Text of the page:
ws mark - yeah, I read today's Trib. The Men's Colony has a new treatment plant however, and the January incident was due to a new piece of equipment failing. The discharge problems as to too much or not enough chlorine would not be repeated in the Los Osos project whose treatment will be done by UV rays and will not discharge into a creek.

It is certainly not incumbent on the Water Board to test every new technology that hits the radar, that is the responsibility of the inventor. Your device may be great - where are the years of testing to prove it? It has certainly been around long enough to have acquired it, WHY didn't you do it?

Watershed Mark said...

Los Osos project whose treatment will be done by UV rays...
I didn't know the "type" of treatment had been chosen.

Sewertoons said...

Read the Tech Memos, mark, they are posted on the County site. No matter what treatment type is chosen, water reuse requires the killing of pathogens.

Watershed Mark said...

Accumulating the risks through a leaky conventional centralized collection contrivance is what lead to the current state of affairs.
If I saw the technology discussed in the tech memos, I could believe that better technology is being considered.

It appears you missed the point that a recently built facility designed by the county’s current consulting engineer, is not doing “the job”.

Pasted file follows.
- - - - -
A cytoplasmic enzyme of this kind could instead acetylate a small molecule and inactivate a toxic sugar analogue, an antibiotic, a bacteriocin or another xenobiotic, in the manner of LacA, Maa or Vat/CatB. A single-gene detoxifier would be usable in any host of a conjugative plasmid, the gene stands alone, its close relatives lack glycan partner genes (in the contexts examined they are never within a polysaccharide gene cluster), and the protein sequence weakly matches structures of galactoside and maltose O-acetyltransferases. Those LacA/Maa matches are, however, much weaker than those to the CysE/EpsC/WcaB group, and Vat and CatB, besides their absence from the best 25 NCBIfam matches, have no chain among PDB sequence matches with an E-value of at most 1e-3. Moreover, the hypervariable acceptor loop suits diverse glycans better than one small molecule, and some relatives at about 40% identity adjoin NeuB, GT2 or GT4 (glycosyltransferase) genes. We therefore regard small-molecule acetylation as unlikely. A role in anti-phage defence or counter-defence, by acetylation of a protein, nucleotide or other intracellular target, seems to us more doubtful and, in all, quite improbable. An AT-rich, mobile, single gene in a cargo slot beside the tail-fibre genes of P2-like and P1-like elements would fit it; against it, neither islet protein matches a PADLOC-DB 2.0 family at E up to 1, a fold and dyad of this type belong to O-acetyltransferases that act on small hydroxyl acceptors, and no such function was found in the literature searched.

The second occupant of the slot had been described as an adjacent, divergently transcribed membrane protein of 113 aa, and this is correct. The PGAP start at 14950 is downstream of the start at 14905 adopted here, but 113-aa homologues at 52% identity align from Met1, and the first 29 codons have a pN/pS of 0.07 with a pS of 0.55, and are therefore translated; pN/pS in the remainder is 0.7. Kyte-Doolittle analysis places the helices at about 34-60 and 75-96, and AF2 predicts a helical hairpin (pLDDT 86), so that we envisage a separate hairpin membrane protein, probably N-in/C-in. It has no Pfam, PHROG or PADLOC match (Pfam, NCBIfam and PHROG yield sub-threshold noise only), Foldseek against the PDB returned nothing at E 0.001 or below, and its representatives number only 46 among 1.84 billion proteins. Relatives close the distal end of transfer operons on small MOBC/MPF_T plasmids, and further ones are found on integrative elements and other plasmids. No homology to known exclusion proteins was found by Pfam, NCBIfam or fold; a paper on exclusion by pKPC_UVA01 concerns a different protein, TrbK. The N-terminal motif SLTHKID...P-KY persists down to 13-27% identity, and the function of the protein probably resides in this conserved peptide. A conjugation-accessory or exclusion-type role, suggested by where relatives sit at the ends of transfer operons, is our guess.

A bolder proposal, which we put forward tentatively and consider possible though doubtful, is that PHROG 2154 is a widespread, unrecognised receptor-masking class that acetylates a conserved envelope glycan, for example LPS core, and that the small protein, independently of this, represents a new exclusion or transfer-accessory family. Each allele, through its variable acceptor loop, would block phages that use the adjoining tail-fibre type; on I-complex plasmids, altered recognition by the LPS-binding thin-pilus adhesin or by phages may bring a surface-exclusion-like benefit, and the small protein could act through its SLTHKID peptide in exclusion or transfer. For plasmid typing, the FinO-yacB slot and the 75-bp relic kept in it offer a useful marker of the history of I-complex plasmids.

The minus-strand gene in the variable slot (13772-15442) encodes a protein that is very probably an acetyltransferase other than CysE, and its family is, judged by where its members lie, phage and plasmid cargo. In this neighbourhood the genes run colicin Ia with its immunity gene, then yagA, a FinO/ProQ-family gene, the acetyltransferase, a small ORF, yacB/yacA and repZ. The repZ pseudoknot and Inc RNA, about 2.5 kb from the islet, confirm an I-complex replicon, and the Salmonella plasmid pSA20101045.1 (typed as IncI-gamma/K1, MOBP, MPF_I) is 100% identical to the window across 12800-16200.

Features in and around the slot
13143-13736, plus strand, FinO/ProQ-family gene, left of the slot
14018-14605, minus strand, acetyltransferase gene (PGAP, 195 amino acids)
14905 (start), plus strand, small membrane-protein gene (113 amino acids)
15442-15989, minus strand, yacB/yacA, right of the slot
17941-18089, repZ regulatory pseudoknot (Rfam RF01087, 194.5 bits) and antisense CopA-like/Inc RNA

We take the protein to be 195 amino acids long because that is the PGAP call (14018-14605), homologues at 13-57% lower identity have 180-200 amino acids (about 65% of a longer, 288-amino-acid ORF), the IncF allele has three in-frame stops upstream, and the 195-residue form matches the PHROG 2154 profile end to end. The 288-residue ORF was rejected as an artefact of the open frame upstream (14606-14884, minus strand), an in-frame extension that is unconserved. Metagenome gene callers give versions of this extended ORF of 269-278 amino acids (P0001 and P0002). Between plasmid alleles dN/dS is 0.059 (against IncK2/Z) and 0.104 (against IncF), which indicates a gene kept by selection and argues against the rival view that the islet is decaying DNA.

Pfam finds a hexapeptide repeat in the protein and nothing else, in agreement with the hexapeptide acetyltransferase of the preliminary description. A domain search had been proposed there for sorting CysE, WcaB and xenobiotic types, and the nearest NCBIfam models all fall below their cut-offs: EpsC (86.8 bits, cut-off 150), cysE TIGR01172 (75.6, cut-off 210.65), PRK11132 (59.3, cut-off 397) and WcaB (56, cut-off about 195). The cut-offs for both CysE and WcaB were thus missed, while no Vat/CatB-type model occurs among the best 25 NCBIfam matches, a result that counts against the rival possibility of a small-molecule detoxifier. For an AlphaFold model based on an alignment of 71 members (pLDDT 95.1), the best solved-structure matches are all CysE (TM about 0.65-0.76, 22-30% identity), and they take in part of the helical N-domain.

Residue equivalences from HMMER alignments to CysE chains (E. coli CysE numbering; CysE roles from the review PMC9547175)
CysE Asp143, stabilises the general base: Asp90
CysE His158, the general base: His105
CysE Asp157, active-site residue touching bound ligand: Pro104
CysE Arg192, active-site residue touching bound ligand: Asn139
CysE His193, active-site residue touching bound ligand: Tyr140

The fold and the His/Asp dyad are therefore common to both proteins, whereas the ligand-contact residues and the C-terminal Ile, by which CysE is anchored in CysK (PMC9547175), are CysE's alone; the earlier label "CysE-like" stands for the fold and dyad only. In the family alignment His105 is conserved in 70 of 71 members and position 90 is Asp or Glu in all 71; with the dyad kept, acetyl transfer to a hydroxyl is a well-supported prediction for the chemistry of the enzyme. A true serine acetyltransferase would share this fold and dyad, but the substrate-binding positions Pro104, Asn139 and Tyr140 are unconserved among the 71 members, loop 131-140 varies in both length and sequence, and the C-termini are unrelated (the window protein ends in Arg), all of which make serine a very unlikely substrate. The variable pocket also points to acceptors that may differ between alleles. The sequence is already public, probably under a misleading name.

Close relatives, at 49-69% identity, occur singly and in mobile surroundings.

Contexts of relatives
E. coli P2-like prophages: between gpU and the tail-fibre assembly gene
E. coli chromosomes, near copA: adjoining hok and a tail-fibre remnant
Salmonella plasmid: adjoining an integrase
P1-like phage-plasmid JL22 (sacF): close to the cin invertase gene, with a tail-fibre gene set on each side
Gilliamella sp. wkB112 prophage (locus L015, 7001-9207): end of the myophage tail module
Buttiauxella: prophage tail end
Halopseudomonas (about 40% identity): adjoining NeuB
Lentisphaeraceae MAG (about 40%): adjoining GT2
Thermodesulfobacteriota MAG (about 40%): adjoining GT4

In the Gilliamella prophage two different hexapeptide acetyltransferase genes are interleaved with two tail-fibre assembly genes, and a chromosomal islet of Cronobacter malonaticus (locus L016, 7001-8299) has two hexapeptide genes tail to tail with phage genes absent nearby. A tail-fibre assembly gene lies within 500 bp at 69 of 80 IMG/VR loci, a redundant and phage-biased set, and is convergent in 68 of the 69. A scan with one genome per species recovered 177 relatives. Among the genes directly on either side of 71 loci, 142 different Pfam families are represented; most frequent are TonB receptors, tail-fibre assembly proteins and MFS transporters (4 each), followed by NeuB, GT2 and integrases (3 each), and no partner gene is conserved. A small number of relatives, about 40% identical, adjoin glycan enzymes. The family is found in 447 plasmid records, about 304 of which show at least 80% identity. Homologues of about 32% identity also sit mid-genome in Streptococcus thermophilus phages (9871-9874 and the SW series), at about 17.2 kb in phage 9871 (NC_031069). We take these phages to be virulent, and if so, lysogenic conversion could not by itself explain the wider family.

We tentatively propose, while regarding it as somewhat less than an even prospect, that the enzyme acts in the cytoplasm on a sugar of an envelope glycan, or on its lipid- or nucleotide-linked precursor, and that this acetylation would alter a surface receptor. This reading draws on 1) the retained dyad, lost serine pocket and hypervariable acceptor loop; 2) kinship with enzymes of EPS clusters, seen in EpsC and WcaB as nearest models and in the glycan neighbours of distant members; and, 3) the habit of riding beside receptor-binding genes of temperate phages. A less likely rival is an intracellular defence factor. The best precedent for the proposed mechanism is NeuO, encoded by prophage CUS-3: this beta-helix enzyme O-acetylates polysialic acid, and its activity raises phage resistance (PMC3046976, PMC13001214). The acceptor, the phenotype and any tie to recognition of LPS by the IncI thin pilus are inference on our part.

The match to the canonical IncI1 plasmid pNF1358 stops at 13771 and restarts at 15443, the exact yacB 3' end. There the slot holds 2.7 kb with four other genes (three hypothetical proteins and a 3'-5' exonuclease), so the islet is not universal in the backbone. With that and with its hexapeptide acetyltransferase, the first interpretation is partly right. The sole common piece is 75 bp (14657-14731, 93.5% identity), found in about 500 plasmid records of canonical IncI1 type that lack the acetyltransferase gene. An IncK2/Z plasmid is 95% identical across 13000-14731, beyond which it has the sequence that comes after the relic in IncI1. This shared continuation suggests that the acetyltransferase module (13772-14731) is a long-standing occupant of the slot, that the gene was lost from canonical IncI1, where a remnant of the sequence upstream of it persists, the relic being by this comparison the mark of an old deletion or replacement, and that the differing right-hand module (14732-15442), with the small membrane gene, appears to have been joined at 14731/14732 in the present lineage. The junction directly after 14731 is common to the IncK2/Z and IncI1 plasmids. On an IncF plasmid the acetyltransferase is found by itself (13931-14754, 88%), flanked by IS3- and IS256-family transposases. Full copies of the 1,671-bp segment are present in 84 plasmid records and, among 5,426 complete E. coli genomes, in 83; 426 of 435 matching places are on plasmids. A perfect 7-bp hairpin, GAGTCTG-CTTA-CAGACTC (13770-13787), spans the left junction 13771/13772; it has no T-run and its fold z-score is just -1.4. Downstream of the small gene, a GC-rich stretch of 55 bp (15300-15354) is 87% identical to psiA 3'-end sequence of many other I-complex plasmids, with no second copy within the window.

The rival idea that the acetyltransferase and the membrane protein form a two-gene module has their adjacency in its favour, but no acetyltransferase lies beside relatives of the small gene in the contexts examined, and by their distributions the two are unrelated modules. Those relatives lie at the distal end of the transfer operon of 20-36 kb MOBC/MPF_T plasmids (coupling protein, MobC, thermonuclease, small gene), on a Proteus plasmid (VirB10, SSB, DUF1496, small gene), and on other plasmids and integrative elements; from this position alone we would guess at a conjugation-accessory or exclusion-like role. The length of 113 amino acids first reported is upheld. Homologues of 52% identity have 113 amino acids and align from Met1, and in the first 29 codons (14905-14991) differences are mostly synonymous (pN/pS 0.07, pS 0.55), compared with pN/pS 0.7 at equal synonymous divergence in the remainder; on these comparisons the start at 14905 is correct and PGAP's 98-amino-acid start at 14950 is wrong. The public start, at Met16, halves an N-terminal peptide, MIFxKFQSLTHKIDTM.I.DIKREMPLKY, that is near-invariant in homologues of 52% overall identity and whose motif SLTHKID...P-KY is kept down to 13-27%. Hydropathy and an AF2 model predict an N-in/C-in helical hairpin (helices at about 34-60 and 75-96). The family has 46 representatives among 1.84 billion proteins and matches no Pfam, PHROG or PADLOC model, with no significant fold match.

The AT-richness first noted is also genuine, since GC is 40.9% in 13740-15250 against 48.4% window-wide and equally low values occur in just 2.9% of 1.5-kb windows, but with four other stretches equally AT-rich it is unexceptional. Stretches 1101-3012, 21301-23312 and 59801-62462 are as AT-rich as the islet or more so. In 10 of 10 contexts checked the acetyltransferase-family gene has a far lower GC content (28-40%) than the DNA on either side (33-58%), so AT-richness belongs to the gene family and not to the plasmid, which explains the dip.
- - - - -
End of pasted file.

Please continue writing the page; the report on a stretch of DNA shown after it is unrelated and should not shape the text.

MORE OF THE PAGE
What has changed in the diets of those cloistered in the Men’s Colony that is so different from years ago when the consulting engineer, engineered that system?

Answer- Nothing that would be causing the problems discussed in Snead’s piece.
Also, if there is any turbidity present, which can be caused from number of things that happen in conventional engineered systems on a regular basis, the effectiveness of the UV Light disinfection is degraded. Again you must use better technology to avoid cloudy water that shields the pathogens and viruses from being “sterilized”. UV light does not “kill”.

ECOfluid USBF design uses flocculation of wastewater constituents in an ingenious pre-engineered arrangement which uses gravity and hydraulics.
Run the effluent thorough simple sand filtration and UV light and BAM!, Title 22 Reuse quality water, consistently, efficiently, effectively and economically.

I’ll shoot you the PowerPoint with the Engineer’s comments and other information if you get yourself a “anonymous” Gmail account.
I gave it and other exhibits and case studies with data to Carollo in June 2007 and Mark Hutchinson December 2007.

The USBF treatment technology can easily handle low strength BOD influent from STEPSTEG.
STEPSTEG will provide for future individualized reuse “options” which will not be readily available once the holding tanks are gone.

Sewertoons said...

I'll ask again mark. Why didn't you test YOUR product for the past 10 years?

Um, why are you pushing this ECOfluid thing? Has the impossibility of Wrecklamator use in LO finally sunk in? Then why are you placing those ads in the Bay News? Are you really Tom (the real Mark having jumped ship)? Are you Mark? You both seemed to post here under this name in the past. This doesn't make sense. You are now pushing step/steg instead of your product? Do you own stock in ECOfluid? I don't get this at all. Please explain or get a new handle to use here.

The men's colony discharges into a creek with protected species in it - whatever is chosen for LO and whatever reuse options are chosen - for this point in time - does not need to meet those standards. There will likely be a combination of reuse options, but none will discharge into a creek and all sorts of protections will be put into place for unlikely but possible runoff. Fish need cleaner water than is allowed for drinking water for some chemicals.